Free Mental Health Clinic transitions to telehealth amid pandemic

By Francie Williamson, Communications Coordinator, Department of Psychiatry

Since 2006, the Free Mental Health Clinic has been available to anyone seeking assistance—including those who do not have insurance or face other barriers to receiving care.

But volunteers from the University of Iowa Carver College of Medicine, who help run the Free Mental Health Clinic, realized they had to switch gears after the COVID-19 pandemic spread to Johnson County in March. 

The clinic has stayed open every other Saturday morning, but instead of holding in-person appointments in the basement of the Abbe Center in Iowa City, visits are now being carried out via telehealth.

“In order to practice good social distancing, we decided it was in the best interest of our patients and the volunteers to move it all online,” says Melissa Chan, 3Y, who has been volunteering at the clinic since her first year of medical school.

Shea Jorgensen, MD, 3R, who also has been volunteering at the Free Mental Health Clinic since she was in medical school, helped the students move the practice online. The appointments are carried out on the Zoom videoconferencing platform, and are HIPAA compliant.

Jorgensen says while there are positives to instituting telepsych, it can be a challenge.

“I think to see patients in their homes, we get a much better view of what their world looks like,” Jorgensen says. “I think the hard part is there's a lot of cues that you just don't quite get, not seeing someone in person. And I think from my perspective it is a little bit more difficult to engage the medical student in teaching.”

Chan says working with telepsych at the Free Mental Health Clinic has been helpful for her future career.

“This is a great introduction for those of us who participate to learn about how to operationalize telepsych on a much smaller scale, and ultimately, think about how it can be better integrated into our future practices,” Chan says.

Demand has gone up

The Free Mental Health clinic draws on volunteers from the university’s social work and pharmacy programs, in addition to medical students, as well as residents and providers from the University of Iowa Department of Psychiatry.

“We also utilize student interpreters and have interpreters available for Spanish, Arabic, and French,” Chan says. “Other languages may be available on request.”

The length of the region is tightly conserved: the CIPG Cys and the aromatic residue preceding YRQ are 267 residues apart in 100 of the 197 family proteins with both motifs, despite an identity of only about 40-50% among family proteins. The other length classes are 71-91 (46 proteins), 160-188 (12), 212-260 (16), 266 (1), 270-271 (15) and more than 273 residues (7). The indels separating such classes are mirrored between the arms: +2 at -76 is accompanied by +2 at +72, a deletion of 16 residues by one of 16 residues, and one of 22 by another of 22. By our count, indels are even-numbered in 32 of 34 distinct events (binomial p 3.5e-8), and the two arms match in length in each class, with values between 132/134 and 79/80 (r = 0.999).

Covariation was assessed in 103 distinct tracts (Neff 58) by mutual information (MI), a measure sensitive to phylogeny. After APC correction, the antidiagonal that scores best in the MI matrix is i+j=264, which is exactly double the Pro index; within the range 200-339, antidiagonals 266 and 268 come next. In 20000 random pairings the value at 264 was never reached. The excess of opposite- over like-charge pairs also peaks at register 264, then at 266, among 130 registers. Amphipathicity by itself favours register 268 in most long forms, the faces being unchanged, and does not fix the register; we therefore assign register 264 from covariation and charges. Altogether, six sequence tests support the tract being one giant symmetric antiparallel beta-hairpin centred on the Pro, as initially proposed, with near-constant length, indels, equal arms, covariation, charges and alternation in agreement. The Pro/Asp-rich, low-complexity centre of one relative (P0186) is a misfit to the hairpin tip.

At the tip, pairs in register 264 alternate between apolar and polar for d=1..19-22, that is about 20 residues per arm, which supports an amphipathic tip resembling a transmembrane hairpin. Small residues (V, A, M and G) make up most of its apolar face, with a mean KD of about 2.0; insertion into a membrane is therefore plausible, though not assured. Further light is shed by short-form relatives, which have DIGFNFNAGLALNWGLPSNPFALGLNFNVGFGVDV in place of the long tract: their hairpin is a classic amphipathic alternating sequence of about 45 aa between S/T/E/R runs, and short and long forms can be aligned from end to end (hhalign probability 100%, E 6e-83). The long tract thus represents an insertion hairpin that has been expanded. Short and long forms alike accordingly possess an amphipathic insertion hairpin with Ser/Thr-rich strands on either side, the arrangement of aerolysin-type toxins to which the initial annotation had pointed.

Chan says previously, most of the Free Mental Health Clinic’s patients were from Johnson County. But after switching to telehealth appointments, more patients from around the state, in places such as as Des Moines and Davenport, have been requesting visits.

“We know there's an increased mental health need during this time, and people are quarantining at home and may not have access to their normal providers,” Chan says. “The transition to telepsych has been an incredible opportunity for the Free Mental Health Clinic to meet the needs of individuals outside of the Iowa City area.”

Before the pandemic set in, Chan says the clinic booked between 10 and 15 patients every other Saturday, but had a pretty high no-show rate. However, that rate has dramatically declined since the clinic instituted telehealth.

“We previously had done a needs assessment for the community, and that identified that transportation was an issue,” Chan says, which may be one reason that the no-show rate has gone down.

The waiting list for visits is now about a month out for both new and returning patients, and Chan says the clinic is looking for more mental health providers to volunteer their services.

“We don’t have enough psychiatrists or other providers that can staff,” Chan says. “Students have been very willing to volunteer. We’ve had a lot of them email us about how to get started or if they volunteered before, how to utilize telehealth so they can see patients.”

Chan says if more providers volunteer, the clinic could begin seeing a higher volume of patients.

“Our goal is always to meet the immediate needs of our patient and then ultimately connect them to the insurance, social support, and health care providers in the community who can care for them on a more stable and indefinite basis since our resources are limited,” Chan says.

The positives of volunteering

Chan says there are many pluses to working at the Free Mental Health Clinic.

“It is a great teaching opportunity for residents and attendings who miss having students in clinic. Our volunteers are eager to help and learn,” Chan says.

She adds that students have not been able to take part in their clerkships since mid-March, and many feel restless and helpless because they no longer have meaningful relationships with patients.

“I've found that for myself the Free Medical Clinic is a great way to fill that void, continue contributing to society, and learn medicine even if it is in a virtual format,” Chan says. “Our patients are extremely thankful for the support that we've provided especially during a time when many individuals are having additional stressors in their life like job loss and this pandemic which can worsen anxiety and post-traumatic stress symptoms.”

Monday, May 18, 2020